Rosehill (Archer Street Halt) railway station

Rosehill (Archer Street Halt) railway station was opened by the Cleator and Workington Junction Railway (C&WJR) on the company's Harrington Branch which connected with the Lowca Light Railway (LLR) at Rosehill to provide a through route from Lowca to Workington Central and beyond.[5][6][7]

Rosehill (Archer Street Halt)
General information
LocationRose Hill, Harrington, Cumbria, Allerdale
England
Coordinates54°36′35″N 3°33′52″W / 54.6098°N 3.5645°W / 54.6098; -3.5645Coordinates: 54°36′35″N 3°33′52″W / 54.6098°N 3.5645°W / 54.6098; -3.5645
Grid referenceNX990249
Platforms1[1]
Other information
StatusDisused
History
Original companyCleator and Workington Junction Railway
Post-groupingLondon, Midland and Scottish Railway
Key dates
2 June 1913Opened[2]
31 May 1926Advertised passenger service ended[3]
1 April 1929Workmen's service ended, halt closed[4]
A 1914 Railway Clearing House Junction Diagram showing the complex network which existed in the Workington area

Official, authoritative and regional sources variously refer to the halt as Rosehill (Archer Street Halt), Rosehill, Rose Hill and simply Archer Street. Sources also refer inconsistently to this halt and the nearby unadvertised platform at the top of Rosehill (Rose Hill) as Rose Hill, Rosehill, Rose Hill Platform and Rose Hill Junction. Some sources imply that there was only ever one halt at Rose Hill, that being at Archer Street.

Sources agree that the halt opened when the line was opened to advertised trains on 2 June 1913, though they remain silent whether unadvertised workmen's trains ran before then. All agree that the halt closed to advertised passenger trains on 31 May 1926 and to closed completely when unadvertised workmen's trains were withdrawn on 1 April 1929.

GradientsEdit

The route, and especially the Lowca Light Railway, was very steeply graded. There was a stretch southwards up Copperas Hill at 1 in 17 - the steepest adhesion-worked gradient in Britain over which regular passenger trains ran.[8] Trains for Lowca faced this climb from a standing start at the halt and sometimes slipped to a stand and had to set back as far as Harrington (Church Road Halt) to charge the bank.[9]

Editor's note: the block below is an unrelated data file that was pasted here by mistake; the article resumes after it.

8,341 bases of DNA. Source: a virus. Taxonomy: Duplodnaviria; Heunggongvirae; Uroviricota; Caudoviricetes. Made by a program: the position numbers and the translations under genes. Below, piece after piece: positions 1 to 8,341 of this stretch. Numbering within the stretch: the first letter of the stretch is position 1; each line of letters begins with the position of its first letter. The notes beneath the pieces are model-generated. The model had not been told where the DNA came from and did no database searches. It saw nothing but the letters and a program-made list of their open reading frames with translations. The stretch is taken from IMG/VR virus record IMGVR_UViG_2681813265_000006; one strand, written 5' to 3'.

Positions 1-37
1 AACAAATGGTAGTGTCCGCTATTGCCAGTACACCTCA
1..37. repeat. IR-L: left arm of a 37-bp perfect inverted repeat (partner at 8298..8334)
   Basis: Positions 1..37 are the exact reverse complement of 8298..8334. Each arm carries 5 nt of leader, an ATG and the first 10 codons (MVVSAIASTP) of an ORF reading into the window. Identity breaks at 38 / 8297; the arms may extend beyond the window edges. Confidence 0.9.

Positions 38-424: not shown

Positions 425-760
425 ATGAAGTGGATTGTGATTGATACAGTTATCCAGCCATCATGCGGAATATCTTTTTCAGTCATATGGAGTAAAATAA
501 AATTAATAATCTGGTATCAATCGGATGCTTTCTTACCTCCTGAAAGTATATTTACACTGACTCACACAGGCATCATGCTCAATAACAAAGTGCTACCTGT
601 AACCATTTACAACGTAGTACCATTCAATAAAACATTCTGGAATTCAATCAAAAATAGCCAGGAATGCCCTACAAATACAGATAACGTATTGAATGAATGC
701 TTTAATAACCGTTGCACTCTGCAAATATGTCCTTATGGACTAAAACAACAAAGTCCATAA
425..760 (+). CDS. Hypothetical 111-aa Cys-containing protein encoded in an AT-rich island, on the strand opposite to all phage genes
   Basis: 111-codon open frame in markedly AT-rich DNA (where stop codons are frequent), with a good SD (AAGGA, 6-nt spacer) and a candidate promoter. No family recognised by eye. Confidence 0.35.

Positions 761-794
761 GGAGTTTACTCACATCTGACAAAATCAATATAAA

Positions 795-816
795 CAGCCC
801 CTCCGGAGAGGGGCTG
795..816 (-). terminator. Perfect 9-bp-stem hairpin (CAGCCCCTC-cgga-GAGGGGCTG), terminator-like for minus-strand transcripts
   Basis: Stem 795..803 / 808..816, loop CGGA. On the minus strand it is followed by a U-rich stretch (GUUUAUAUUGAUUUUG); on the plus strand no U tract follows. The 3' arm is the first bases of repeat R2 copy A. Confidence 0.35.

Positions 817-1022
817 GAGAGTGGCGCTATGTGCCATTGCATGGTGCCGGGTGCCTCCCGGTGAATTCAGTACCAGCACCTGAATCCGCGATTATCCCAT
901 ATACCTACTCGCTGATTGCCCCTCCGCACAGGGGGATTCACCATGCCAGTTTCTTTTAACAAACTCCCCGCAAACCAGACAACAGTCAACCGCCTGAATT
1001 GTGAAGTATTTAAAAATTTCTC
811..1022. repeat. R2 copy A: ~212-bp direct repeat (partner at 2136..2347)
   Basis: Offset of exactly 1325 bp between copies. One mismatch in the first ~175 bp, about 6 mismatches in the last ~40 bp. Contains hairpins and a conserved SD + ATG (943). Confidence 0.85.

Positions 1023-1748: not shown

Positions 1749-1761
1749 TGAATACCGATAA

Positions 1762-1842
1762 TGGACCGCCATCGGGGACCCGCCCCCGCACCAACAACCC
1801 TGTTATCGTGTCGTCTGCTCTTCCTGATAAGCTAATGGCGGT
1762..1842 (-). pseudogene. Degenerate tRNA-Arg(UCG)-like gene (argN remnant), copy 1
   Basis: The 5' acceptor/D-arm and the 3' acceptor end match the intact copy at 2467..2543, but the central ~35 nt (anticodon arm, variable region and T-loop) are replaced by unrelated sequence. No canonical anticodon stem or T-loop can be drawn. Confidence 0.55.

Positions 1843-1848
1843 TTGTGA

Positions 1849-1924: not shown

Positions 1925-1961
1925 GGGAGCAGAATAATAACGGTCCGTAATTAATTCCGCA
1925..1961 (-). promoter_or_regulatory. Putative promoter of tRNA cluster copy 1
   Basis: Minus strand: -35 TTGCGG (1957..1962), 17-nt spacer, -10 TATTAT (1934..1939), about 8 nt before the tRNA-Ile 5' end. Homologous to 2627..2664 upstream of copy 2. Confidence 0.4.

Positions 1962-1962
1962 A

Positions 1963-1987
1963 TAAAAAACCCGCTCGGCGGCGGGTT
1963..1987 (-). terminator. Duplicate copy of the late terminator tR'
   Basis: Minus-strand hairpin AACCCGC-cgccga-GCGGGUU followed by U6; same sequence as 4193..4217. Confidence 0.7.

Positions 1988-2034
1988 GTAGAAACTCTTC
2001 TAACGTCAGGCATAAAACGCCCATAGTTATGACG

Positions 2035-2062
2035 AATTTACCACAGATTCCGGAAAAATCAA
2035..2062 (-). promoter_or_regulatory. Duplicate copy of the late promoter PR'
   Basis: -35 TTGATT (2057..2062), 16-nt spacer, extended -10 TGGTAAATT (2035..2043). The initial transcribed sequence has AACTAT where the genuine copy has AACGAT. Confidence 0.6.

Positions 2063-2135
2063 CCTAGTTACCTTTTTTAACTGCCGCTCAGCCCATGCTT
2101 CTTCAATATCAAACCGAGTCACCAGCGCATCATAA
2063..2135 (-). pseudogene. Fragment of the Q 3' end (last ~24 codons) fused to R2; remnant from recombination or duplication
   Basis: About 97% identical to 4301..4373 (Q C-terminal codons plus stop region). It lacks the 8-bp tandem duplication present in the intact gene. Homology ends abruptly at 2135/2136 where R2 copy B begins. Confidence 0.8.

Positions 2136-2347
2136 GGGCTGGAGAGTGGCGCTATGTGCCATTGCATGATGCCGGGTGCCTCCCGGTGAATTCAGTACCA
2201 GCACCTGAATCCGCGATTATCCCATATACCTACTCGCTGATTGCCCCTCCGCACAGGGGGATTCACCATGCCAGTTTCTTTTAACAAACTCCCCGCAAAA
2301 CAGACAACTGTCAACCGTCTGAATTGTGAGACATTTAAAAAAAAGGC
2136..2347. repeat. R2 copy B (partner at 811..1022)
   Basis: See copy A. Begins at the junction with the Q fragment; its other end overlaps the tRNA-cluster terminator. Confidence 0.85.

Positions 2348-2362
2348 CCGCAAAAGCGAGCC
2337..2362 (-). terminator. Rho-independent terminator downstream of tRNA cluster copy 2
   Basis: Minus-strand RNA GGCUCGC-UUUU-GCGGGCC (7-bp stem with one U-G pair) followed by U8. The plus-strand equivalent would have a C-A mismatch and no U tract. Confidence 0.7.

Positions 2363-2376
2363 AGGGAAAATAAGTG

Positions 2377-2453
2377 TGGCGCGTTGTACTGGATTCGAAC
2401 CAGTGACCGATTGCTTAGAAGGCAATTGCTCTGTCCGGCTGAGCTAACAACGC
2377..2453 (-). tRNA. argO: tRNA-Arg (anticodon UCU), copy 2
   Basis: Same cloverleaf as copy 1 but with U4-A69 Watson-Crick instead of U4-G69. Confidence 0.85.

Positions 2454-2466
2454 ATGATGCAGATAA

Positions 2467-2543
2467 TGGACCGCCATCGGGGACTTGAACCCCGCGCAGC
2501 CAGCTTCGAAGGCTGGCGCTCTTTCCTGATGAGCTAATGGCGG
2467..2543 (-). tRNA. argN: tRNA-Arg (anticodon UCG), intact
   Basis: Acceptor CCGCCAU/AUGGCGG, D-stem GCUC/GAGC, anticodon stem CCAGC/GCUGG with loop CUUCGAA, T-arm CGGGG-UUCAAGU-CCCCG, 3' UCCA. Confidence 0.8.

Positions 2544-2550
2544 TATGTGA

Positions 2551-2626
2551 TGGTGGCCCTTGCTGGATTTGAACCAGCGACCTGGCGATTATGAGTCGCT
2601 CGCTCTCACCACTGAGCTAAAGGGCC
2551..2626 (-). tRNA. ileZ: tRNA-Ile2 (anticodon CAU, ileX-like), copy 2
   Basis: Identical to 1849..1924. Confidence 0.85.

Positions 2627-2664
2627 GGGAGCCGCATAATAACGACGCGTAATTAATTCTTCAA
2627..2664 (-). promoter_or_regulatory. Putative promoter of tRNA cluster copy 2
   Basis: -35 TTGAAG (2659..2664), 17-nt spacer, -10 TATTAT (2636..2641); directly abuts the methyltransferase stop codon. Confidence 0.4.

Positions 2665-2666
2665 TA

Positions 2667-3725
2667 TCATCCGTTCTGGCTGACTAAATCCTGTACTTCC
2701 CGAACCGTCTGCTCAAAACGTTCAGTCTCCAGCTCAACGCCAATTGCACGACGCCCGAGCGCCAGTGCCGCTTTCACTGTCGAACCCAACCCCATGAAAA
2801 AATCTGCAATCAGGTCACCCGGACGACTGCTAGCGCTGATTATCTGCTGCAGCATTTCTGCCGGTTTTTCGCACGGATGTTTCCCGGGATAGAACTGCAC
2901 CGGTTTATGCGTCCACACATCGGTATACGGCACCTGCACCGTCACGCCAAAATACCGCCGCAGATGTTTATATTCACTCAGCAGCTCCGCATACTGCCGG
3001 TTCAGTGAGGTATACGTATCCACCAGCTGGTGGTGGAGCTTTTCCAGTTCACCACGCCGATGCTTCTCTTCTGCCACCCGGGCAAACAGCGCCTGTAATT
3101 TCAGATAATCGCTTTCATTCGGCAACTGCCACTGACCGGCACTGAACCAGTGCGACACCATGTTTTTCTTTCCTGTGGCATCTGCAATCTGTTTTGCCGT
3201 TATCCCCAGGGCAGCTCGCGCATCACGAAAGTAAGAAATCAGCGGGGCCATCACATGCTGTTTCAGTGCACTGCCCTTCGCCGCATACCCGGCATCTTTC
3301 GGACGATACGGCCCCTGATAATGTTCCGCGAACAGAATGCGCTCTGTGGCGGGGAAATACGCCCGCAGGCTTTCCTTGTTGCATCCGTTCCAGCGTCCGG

HistoryEdit

The C&WJR and LLR had co-operated to provide unadvertised workmen's services along the route from 15 April 1912.[10] From 2 June 1913 at least some of these trains - known locally as "The Rattler" - became publicly advertised with at least one 3rd Class coach[3] for 'ordinary' passengers.[11] Most trains plied between Lowca and Workington Central, though two continued to the first stop up the C&WJR's "Northern extension" - Seaton (Cumbria). The Seaton trains were cut back to Workington from February 1922.[12]

TrainsEdit

Passenger trains consisted of antiquated Furness stock hauled largely by elderly Furness engines[13] referred to as "rolling ruins" by one author after a footplate ride in 1949.[14] Freight trains on the Lowca Light Railway through Harrington Junction to the Moss Bay and Derwent branches were usually hauled by industrial locomotives.[9][15][8]

ServicesEdit

The line's primary objective was transporting minerals and the products and biproducts of coking plants. Photographs of trains in later years typically consist of a mix of mineral wagons and tar tanker wagons.[16] The prime purpose of the passenger service was to enable workers to get from Workington to Lowca Colliery (also known as Harrington No. 10 Pit) which was situated on a remote cliff top overlooking the Irish Sea.[17] Workers from Whitehaven were able to use workmen's trains which shuttled between Whitehaven and Parton Halt at the western end of the Gilgarran Branch near Parton.

The July 1913 public timetable shows four trains a day calling at the halt, it makes no mention of either Rosehill Junction or Harrington Church Road Halt,[18] the latter had yet to open and the former appears never to have had a public service, if it existed as a separate entity at all.

The July 1922 public timetable shows three 3rd Class Only Up trains from Lowca, Monday to Friday, calling at Micklam, Rosehill (Archer Street Halt), Harrington (Church Road Halt) and Workington Central, with an extra on Saturdays. All were balanced by Down workings.[19] There never was a Sunday service on the route. Note that Copperas Hill is not shown, though a standard work gives its closing date as 1926.[20] It was shown in the 1920 Working Time Table[21] and last appeared in public timetables in 1921.[22]

In 1923 the LMS replaced conventional trains with "Bus Trains" staffed by a travelling ticket inspector, allowing the halts to be destaffed,[23] but the service still could not compete with emerging road transport.[24] The publicly advertised service ended on 31 May 1926. Unadvertised workmen's trains continued until 1 April 1929, after which the accoutrements of a passenger railway, such as extensive and costly signalling, were removed, enabling the line to return to its industrial origins.